I really want to start improving, but I have no idea where to start. I can play the minor pentatonic scale in all 5 positions, and im trying to memorize each note on the fretboard. What else would I need to be able to do before I attempt improvising? thanks


Sounds obvious, but the more improv you do, the better at improv you get. You just need to take the plunge and start doing it. Set aside some of your practice time to just improv. In the beginning it's gonna test you for sure, but you will quickly learn what works and what doesn't and over time your improv confidence will grow.

If you haven't already, improv to background music. Try any and all sorts of different stuff. Use different BGM styles so you don't get into the trap of repeating the same style improvs over and over.

You can do this the same time you work out scales and your notes on the board.

The trick is to just get to the getting.
Last edited by Phoenix V at Sep 25, 2011,
#11
Do ear training as part of every day practice. Start now it's never too early and it can take a long time to develop a good ear.
Also I'll repeat, practice improvising every day. Start with short simple phrases. think of an idea and then sing it and play it. This is something you just get better at with experience so just go do it.
If you suck at first don't worry - that makes you normal. just keep going you'll get better.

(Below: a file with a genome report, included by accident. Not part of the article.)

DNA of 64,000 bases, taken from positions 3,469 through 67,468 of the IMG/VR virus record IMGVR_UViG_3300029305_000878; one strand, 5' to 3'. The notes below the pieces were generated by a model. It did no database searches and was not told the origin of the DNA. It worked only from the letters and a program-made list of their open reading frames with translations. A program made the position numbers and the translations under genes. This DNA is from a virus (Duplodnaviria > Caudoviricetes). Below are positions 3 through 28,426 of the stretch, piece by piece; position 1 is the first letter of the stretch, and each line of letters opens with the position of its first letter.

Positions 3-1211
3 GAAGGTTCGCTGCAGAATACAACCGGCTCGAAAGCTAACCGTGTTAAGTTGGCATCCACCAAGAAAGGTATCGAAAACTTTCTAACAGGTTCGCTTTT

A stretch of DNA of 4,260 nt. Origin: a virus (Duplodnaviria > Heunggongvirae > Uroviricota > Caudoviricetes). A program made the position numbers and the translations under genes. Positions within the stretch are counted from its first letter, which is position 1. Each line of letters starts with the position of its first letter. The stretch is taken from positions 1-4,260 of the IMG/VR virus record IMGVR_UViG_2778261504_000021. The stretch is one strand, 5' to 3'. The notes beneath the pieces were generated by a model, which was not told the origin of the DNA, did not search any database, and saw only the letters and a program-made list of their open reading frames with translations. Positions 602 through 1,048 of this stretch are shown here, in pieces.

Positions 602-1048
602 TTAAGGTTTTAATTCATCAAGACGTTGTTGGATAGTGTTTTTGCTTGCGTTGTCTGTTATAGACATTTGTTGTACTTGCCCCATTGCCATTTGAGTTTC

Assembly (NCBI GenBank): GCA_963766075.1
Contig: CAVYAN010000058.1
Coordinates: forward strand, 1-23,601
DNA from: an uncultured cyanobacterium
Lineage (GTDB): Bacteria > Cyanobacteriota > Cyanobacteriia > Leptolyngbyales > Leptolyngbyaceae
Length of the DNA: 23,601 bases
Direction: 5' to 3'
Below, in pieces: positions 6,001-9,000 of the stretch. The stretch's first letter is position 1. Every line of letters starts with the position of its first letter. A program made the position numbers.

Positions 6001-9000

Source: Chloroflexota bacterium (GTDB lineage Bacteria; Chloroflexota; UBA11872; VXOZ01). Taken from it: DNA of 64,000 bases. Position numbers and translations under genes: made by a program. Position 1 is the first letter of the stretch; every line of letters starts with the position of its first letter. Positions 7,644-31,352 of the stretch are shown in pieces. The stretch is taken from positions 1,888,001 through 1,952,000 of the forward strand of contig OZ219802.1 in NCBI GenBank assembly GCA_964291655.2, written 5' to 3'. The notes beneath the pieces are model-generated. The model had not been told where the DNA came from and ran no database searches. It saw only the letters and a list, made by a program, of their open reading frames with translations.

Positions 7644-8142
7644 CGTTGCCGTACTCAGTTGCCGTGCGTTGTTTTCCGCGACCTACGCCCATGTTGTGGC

PS - pentatonic positions are not any special means to good improv. Learn to let your fingers go where the notes are - which means mentally breaking out of the positional playing approach. good luck.
#12
Quote by apajr
Learn the 7 modes, learn how they work

In the 7 modes the order is this:


M m m M M m D
Degree: I II III IV V VI VII


where:

M - major

m - minor

d - diminished

Just...no...enough with the irrelevant modes talk
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#13
Quote by steven seagull
Most important thing is being able to listen - listen to wha tthe rest of the band is doing, listen to what you're doing and be able to recognise when what you're doing is working musically and when it isnt.

This. You can't improvise well without fitting into your context. Technical skill and knowledge of theory are meaningless if you can't apply them musically. Improvising is the ultimate in testing your application skills, since it's immediate and on the spot. Listen and hear what you want to play, then play it. That's all you need to know. As you become more technically proficient and more knowledgeable about theory, you should start integrating those skills into your improvisation, but they are not the focus.
#14
Quote by Geldin
This. You can't improvise well without fitting into your context. Technical skill and knowledge of theory are meaningless if you can't apply them musically. Improvising is the ultimate in testing your application skills, since it's immediate and on the spot. Listen and hear what you want to play, then play it. That's all you need to know. As you become more technically proficient and more knowledgeable about theory, you should start integrating those skills into your improvisation, but they are not the focus.

Yup, all the theory knowledge in the world is useless to you if you can't play a note, listen to it and think "ooh, that sounds nice" or "balls, that doesn't fit" - that's something that most people should have, irrespective of their musical knowledge or experience.